One distinction I see - I didn't notice it in the linked threads, but one of them consisted largely of more links, and I couldn't follow all of them - is that "team" has two meanings: the group of players who are on the field* (or could be) in a given game, and an organization. Thinking of it as an organization, one plays for the team. Thinking of it as players on the field in a given game, one plays on the team, at least in AE.
As Biffo posted, context is important. Here, it is essential.
OK. Here is context.
That is a correction done by a teacher in "collège". The context is 'speed-dating' to get to know classmates.Each pupil had to introduce himself and another one had to speak at the 3rd person and transform each sentence. In colour, you see the mistakes the teacher corrected but... the last sentence 'he plays on a football team' surprised me because of 'on a football team' instead of 'in a football team'. NOW, following all your kind answers, it is clear that both on/in are correct in this case and that the use of prepositions depends on whether you come from U.S (on) or UK (in). AM I WRONG?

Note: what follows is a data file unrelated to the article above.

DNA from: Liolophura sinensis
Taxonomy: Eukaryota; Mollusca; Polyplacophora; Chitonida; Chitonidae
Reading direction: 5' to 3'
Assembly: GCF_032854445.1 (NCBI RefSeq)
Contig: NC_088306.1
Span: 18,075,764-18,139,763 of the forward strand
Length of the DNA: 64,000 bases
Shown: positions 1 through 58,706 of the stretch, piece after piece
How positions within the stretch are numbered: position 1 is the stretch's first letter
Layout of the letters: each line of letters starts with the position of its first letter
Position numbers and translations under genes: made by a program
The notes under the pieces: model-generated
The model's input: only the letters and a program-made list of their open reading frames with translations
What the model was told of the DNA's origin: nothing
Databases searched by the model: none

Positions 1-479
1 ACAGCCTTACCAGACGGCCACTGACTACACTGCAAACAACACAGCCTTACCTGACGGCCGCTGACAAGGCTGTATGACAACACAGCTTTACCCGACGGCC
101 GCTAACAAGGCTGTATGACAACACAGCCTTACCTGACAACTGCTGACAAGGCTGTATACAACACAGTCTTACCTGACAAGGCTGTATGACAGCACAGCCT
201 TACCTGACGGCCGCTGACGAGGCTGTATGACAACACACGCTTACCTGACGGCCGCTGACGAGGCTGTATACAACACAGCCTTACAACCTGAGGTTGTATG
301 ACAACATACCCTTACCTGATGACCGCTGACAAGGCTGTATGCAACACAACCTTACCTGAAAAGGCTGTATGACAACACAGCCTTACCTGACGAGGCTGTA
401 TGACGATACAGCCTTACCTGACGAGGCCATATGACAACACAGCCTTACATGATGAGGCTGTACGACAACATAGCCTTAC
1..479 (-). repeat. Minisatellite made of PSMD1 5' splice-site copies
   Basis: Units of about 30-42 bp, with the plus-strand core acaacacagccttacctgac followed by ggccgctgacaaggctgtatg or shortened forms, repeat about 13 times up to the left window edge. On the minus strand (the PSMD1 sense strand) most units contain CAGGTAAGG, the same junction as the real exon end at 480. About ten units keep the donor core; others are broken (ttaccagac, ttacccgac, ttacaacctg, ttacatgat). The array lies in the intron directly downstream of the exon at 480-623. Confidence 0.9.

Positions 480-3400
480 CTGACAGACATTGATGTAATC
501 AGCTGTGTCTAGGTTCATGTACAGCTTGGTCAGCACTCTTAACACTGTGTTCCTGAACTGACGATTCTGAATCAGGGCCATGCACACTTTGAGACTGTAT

He was born on June 5th. /He lives in Manchester. / His address is 3 Glennwood Lane. / He likesfootball/playing football and he loves listening to music/ He plays on a football team. …)
... of course, I should have thought of the possibility... actually, I thought about it but wasn't sure whether an American Manchester could exist...pardon my ignorance!
Anyway, now I am less ignorant about on/in a football team!